Derby City Council

Labour Councillors vote against Tory proposal to save libraries.

Last Wednesday’s Full Council meeting was dedicated to a debate over the Labour Group’s proposed budget for 2017/18 – 2019/2020. Within that plan is the much publicised and discussed idea to change the face of the City’s libraries, and save £648k. A number of options were offered in the consultation, from the full closure of 11 libraries through to converting the same population into Community Managed (CML) versions. The Council has repeatedly stated that they have no plans to close any libraries – this is on the back of their preference for implementing CML’s (Option B).  More detail on the base proposal can be found on this link.

Although Option B does not close libraries, it is high risk, as I explored in my article. The library financial case is very flawed and further time is necessary to ensure that the correct, risk averse decision is made, which delivers the expected savings, and does not have a detrimental effect on these important community hubs.

peatfieldThe Conservative group submitted an amendment during the Council meeting to defer/postpone the need for the savings, and therefore the closure plan. This proposal was costed and was approved by the Chief Finance Officer. Despite the rhetoric that the closures were foisted upon the Council by Tory Cuts, and the politicking by Nadine Peatfield (Labour) in the Derwent by-election about “saving” Derwent library – this could have been achieved on Wednesday if the Labour Group had agreed to the amendment. All Labour Councillors voted against it!

Following further detailed investigations by Derby News into the underpinning financial case behind the consultation, there are many significant flaws which need to be addressed before any competent and qualified decisions can be taken:

  1. Despite the plan being to make dozens of Library staff redundant, the Corporate Council HQ library staff remain totally intact.  The so-called “Citywide” staff, costing £442k does not reduce even when 11 out of the 15 libraries are closed. This is an un-tapped opportunity.
  2. Converse to 1. above, the plan assumes that £152k of central Corporate non-staff costs will be saved for Option B….despite the staff not being saved. This is, at best, inconsistent.
  3. The whole plan is blind to the costs of ownership of the buildings, despite this being a major difference between Option A ( 11 libraries fully closed), and Option B ( 11 libraries as CML’s but Council retains full burden of property ownership). There must be a saving if the Council ceases to have responsibility for 11 buildings. According to the Council – this is in a separate budget, and not reflected in the financial analysis.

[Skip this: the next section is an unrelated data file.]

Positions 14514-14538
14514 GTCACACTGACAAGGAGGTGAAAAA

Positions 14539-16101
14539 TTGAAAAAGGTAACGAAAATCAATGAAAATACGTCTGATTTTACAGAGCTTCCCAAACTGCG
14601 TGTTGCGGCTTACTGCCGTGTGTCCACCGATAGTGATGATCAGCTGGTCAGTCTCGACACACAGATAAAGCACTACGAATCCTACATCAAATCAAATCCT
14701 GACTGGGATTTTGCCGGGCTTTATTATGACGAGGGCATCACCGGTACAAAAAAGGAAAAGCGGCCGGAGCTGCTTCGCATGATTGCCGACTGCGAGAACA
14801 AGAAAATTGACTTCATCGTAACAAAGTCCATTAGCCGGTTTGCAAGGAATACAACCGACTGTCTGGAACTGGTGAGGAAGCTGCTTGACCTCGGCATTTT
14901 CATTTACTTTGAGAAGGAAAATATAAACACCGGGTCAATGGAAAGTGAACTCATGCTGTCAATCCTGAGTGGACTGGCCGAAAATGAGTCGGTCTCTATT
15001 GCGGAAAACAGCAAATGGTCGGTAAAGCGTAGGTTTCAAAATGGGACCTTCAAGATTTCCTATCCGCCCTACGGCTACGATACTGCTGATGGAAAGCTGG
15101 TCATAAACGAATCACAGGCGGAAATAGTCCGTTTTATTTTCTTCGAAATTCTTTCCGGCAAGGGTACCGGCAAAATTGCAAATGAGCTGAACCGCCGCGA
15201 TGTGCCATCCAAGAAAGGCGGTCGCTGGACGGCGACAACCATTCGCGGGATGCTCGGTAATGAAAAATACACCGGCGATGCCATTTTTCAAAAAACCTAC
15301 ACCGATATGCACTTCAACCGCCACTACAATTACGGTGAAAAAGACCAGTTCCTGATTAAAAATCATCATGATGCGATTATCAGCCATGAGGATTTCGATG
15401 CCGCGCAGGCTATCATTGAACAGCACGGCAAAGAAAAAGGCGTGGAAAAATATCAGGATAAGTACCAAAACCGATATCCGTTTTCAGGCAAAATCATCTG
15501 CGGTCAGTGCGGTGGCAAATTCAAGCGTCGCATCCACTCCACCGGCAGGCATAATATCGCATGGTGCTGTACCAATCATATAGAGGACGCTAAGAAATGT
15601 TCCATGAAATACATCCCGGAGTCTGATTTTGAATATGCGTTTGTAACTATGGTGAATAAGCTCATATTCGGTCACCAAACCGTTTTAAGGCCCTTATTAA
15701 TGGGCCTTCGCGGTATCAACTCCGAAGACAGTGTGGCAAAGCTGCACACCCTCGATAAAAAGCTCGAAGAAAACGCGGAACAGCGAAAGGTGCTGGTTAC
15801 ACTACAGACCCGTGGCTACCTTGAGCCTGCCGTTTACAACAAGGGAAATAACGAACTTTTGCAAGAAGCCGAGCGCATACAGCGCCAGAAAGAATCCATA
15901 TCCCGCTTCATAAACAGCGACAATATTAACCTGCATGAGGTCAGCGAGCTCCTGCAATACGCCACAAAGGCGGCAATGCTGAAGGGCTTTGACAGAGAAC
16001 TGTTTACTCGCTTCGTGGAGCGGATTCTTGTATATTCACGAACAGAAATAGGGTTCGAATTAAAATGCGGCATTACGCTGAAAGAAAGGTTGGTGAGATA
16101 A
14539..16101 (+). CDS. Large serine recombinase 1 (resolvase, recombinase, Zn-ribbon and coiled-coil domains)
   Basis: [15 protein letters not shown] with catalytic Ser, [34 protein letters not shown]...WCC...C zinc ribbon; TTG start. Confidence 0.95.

4.  No running costs for the new, Council Office based, Riverside library ( replacement for Central library) are included. This is on the basis that those costs are budgetted elsewhere, although one would expect that these costs would increase…and therefore relevant.

Any financial analysis for decision making purposes should include all relevant costs associated with the initiative.

Based on the claimed running cost savings realised from moving from the existing Central Library premises, to the Council House Riverside Library, at a cost of £2.5m, the pay back period is over 20 years. No doubt the Council will claim that the refurbishment will generate further income, elsehwere – in which case this should be declared publicly, and the payback period made transparent.


The Library closure business case is seriously flawed, and needs more work on it to ensure that the correct decision is being made. More time is also required to ensure that the plans to move to volunteer led libraries are risk assessed and can be delivered seamlessly into the Community.  In the context of this, one would have expected, that an option to defer the need to make a decision on Library closures, or even postpone,  would have been welcomed….or is it convenient for it to be held dangling there, like a Sword of Damocles, to be wheeled out, as required, for political mischief, and electioneering. The people of Derby deserve a better dialogue over this critical resource!


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